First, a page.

Country Profiles

Country Profiles

Ecuador is one of the smallest countries in South America, both physically (272,031 km2) and in terms of population. In 2010 it was estimated to have 14.2 million inhabitants, the majority of whom reside in urban areas. According to the 2001 Population Census, the bulk of the population considers itself to be mestizo (77.4%), followed by white (10.5%), indigenous (6.8%) and Afro-Ecuadorian (5.0%).

Ecuador has traditionally been an agro-export economy, but since the 1980s petroleum has been the main export. The top five exports in 2008 included petroleum, bananas, shrimp, cut flowers and cacao. Its gross domestic product (GDP) in 2009 was $24 billion, and it reported an economically active population (EAP) in early 2010 of 4.6 million. At that time, 9.1% of the EAP was unemployed and 51.3% underemployed.

Ecuador is divided into three natural regions: the highlands, coast and Amazonian regions. The last contains less than 5% of the population, but is the largest region geographically. The Amazonian region is also the poorest region of the country. In 2006, 38.3% of the population nationally was considered to be poor, measured by consumption levels. Whereas 33.7% of the population of the highlands was classified as poor, and 40.3% on the coast, 59.7% of the Amazonian population was so classified. A similar trend is apparent in terms of unsatisfied basic needs, with the share of the population nationally falling under this threshold being 45.7%.

Politically, the country is divided into 22 provinces. These in turn are sub-divided into cantons (districts or municipalities). Source:

Ghana is a West African nation of approximately 25 million people, the majority of whom live in rural areas. It is home to approximately 44 major ethnic groups. The main systems of inheritance are matrilineal and patrilineal regimes, which has implications for the asset acquisition of men and women.The country is divided into ten administrative regions and practices a democratic presidential system of governance. The country’s economy is dominated by agriculture, which accounts for about 36% of GDP and 54% of total employment. The country’s Gross National Income per capita is estimated at $510. About 28.5% of the population is estimated to be living below the national poverty line. The major export commodities are cocoa and gold, but with the recent discovery of oil in commercial quantities, the country’s export composition is expected to change.


India, located in South Asia, is the second most populous country in the world, with a population of over 1.18 billion. One among 29 states, Karnataka is located in the southern part of India and is the eighth largest in the country in terms of geographical area and the ninth largest in terms of population. Karnataka has 30 districts across the four natural regions – the West Coast, the Western Ghats, the Southern Maidan and the Northern Maidan (Table 1). The Northern Maidan is comprised of two regions: the Hyderabad Karnataka and Bombay Karnataka.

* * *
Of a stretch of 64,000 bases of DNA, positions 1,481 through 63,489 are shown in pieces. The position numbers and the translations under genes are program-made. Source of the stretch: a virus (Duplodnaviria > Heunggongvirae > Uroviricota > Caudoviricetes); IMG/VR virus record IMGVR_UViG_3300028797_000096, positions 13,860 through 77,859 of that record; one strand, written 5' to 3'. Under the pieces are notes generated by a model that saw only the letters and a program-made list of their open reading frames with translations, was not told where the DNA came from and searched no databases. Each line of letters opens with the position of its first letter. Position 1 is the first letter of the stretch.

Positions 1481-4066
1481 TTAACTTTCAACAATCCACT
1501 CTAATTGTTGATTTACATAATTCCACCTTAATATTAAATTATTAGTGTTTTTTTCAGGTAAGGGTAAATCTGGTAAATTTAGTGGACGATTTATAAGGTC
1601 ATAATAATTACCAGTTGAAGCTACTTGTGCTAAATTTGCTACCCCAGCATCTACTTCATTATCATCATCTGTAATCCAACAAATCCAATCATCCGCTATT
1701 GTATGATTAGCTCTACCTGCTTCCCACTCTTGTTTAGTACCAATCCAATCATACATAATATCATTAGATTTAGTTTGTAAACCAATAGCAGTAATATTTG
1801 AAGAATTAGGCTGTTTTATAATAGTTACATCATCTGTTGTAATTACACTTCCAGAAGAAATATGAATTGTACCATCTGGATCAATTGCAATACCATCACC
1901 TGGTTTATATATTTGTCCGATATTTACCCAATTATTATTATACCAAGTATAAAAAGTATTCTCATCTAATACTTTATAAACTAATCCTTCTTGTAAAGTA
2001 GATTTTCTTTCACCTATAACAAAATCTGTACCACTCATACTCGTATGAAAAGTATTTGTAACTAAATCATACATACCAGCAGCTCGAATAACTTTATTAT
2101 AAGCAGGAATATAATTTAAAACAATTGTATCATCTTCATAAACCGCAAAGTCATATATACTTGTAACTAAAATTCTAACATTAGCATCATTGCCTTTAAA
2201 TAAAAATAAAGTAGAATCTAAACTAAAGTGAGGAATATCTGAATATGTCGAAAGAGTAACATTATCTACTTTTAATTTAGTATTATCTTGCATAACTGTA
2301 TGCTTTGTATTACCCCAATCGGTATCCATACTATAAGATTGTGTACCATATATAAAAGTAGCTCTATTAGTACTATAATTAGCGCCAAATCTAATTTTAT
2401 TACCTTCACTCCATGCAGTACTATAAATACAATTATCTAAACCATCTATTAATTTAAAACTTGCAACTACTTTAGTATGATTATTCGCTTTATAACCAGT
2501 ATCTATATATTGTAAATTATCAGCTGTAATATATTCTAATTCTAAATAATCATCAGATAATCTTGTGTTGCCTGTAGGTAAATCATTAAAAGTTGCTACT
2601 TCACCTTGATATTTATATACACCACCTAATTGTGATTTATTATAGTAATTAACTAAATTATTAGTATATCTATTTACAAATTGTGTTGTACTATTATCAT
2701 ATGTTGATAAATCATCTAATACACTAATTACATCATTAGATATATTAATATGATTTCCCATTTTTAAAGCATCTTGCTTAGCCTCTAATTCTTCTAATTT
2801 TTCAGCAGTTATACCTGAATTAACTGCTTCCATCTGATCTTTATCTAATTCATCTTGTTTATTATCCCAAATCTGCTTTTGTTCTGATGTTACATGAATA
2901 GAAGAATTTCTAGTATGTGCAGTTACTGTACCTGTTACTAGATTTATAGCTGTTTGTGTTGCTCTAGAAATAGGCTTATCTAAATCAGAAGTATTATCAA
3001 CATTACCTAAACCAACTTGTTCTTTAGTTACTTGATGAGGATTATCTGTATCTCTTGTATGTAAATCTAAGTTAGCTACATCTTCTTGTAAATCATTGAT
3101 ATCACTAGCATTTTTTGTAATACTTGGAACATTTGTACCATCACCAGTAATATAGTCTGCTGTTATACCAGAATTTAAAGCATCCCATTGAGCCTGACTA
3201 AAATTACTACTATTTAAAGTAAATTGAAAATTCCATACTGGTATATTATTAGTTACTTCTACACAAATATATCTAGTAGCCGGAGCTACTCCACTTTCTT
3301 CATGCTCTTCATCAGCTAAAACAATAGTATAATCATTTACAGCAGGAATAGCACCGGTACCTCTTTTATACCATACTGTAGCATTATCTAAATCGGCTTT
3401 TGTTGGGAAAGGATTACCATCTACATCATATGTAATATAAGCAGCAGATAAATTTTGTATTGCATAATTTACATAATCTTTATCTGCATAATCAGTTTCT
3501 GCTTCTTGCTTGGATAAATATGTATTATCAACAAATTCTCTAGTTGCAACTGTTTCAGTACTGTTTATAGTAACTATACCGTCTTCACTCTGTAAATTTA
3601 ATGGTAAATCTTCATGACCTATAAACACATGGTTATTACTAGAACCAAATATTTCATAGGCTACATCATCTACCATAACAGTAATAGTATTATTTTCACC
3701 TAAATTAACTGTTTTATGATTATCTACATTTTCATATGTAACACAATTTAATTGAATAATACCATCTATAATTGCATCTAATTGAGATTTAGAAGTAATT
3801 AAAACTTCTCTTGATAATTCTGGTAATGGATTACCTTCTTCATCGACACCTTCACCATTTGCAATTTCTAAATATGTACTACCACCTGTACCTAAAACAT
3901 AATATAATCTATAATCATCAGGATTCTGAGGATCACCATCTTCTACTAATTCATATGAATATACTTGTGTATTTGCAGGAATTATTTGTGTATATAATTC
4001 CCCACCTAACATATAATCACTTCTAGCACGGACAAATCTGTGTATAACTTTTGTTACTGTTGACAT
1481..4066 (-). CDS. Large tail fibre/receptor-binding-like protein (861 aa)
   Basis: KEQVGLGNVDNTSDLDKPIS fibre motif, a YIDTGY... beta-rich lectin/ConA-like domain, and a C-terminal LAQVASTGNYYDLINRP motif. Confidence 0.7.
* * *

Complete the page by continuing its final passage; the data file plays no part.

Table 1: Agro-climatic Regions of the State of Karnataka

Regions Total Number of Districts Distinctive features Districts
Northern Maidan (Northern plateau) 12

Elevated at 300 to 600 metres above sea level.

Includes the Deccan plateau, rich in black cotton soil.

Agriculture sustained by River Krishna and tributaries.

Low rainfall area with jowar, cotton, oilseeds and pulses cultivation. Sugarcane grown in irrigated areas.

Bidar, Gulbarga, Yadgir, Raichur, Koppal, Bellary (Hyderabad Karnataka); Bijapur, Bagalkot, Belgaum, Dharwad, Gadag, Haveri (Bombay Karnataka)
Southern Maidan (Southern plateau) 11

Lies in the basin of the River Cauvery.

Irrigated by Cauvery and tributaries.

Elevation between 600 and 900 meters above sea level.

Rice, sugarcane, ragi, coconut and mulberry are principal crops.

Mysore, Chamarajanagar, Mandya, Bangalore Rural, Ramanagaram, Bangalore Urban, Kolar, Tumkur, Chikkaballapur, Chitradurga, Davangere
Southern Malnad (Western Ghats) 4

Rainfall between 1,000 mm to 2,500 mm.

Dense rainforest, rich in teak, rosewood and bamboo.

Commercial crops include coffee, arecanut, pepper, cardamom and rubber.

Shimoga, Chikmaglur, Hassan, Kodagu
Coastal Karnataka (Northern and Southern coast) 3

Average width of 50 to 80 km., and a length of 267 km.

Heavy rainfall, in the range of 2,500 mm to 3,000 mm.

Coconut groves and paddy fields typically dominate the landscape.

Dakshina Kannada, Uttara Kannada, Udupi
Total 30